APR 11, 2020 9:22 PM PDT

Promising Experimental Anti-Malarial Drug

WRITTEN BY: Nouran Amin

At St. Jude Children’s Research Hospital, researchers discovered a fast-acting anti-malarial compound with promising effectiveness in human trials—findings were published in the journal Lancet Infectious Diseases.

"The results support further development of the compound SJ733 as a fast-acting component of combination anti-malarial therapy," said corresponding author Aditya Gaur, M.D., of the St. Jude Department of Infectious Diseases. "The drug was well tolerated and well absorbed with a rapid anti-parasitic effect." Gaur and James McCarthy, M.D., MBBS, of QIMR Berghofer Medical Research Institute, Australia, are the co-first authors.

Scientists are hopeful to investigate methods that can extend blood levels of SJ733 and enhance it’s actions in patients with malaria

Caused by patristic infection, malaria is transmitted by mosquitos and targets the red blood cells.

Learn more about malaria:

"Safe and effective anti-malarial drugs that work by new mechanisms are critically needed to combat drug-resistant disease," said senior author R. Kip Guy, Ph.D., dean of the University of Kentucky College of Pharmacy. Guy led the anti-malarial drug-discovery effort and preclinical development of SJ733 while chair of the St. Jude Department of Chemical Biology and Therapeutics. The preclinical trials showed that SJ733 worked against malaria parasites that are resistant to current frontline drugs.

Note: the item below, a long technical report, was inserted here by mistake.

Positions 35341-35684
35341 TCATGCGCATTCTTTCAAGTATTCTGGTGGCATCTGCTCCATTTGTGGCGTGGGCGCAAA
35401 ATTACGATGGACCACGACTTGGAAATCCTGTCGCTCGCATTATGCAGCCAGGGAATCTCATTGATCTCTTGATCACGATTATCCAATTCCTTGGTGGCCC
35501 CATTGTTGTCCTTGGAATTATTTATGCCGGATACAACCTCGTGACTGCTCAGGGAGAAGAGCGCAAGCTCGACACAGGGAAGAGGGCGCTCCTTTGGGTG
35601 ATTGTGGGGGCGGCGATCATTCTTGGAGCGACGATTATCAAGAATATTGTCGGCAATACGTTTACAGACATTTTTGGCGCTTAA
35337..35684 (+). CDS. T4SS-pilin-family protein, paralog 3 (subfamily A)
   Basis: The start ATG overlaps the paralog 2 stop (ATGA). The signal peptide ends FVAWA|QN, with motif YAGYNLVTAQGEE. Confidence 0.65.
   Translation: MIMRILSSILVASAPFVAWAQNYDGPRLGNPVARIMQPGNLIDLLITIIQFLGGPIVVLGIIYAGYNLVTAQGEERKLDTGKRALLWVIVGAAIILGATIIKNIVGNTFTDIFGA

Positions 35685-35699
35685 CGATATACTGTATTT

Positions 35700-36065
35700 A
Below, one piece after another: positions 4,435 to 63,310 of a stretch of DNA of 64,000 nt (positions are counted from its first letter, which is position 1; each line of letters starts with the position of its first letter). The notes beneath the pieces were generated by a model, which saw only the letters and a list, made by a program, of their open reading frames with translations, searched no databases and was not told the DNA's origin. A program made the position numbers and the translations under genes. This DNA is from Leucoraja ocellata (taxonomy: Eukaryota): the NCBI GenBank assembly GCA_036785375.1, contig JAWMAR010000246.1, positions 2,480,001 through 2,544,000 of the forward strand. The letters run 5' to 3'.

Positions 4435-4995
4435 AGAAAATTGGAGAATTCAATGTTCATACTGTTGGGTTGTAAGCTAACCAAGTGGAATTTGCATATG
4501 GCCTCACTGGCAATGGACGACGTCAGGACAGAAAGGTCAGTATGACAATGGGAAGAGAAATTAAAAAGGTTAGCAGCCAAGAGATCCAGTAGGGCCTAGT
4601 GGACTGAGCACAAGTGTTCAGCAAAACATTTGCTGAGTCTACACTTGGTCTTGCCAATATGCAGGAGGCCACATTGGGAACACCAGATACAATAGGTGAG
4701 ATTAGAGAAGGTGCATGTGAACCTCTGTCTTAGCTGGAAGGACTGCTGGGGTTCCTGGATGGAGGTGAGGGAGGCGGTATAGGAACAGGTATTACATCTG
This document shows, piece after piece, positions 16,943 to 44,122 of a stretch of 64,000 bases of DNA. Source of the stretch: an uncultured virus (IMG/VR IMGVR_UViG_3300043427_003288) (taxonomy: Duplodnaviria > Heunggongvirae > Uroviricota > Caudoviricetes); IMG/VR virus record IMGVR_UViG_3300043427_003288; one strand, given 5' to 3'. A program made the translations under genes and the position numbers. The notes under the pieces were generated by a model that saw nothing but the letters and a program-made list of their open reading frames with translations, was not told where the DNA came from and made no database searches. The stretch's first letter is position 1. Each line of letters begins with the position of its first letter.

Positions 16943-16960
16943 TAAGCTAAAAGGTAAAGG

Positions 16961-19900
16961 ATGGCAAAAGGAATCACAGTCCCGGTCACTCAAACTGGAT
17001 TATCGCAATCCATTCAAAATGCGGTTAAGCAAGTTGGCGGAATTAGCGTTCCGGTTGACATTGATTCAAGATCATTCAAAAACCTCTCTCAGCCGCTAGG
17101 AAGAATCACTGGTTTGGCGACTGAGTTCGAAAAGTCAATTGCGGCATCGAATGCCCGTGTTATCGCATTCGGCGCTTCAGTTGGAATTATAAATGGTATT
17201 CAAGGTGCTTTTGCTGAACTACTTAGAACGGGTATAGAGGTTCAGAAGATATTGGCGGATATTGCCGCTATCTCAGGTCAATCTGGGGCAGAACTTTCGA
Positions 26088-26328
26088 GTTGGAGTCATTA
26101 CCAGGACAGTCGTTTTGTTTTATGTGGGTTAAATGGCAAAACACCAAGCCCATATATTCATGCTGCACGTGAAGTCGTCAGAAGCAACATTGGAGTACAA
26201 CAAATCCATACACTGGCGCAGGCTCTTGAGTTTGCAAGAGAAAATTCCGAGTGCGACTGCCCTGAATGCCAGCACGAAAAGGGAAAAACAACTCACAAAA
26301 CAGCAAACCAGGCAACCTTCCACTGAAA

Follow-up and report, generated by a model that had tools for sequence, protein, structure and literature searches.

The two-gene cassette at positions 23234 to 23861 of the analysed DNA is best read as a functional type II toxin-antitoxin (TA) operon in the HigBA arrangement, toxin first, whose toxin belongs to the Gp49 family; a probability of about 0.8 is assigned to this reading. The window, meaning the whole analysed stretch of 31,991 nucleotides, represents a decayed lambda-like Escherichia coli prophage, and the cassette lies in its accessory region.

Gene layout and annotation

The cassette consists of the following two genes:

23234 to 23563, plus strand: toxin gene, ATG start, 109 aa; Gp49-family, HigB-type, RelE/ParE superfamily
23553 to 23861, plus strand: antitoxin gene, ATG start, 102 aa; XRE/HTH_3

One of the first anti-malarial compounds, SJ733 works by disrupting the malaria parasite's ability in removing the excess sodium from red blood cells. When sodium builds up, infected cells become less flexible. No side-effects were reported through SJ733 treatment.

Source: Science Daily

 

About the Author
  • Nouran earned her BS and MS in Biology at IUPUI and currently shares her love of science by teaching. She enjoys writing on various topics as well including science & medicine, global health, and conservation biology. She hopes through her writing she can make science more engaging and communicable to the general public.
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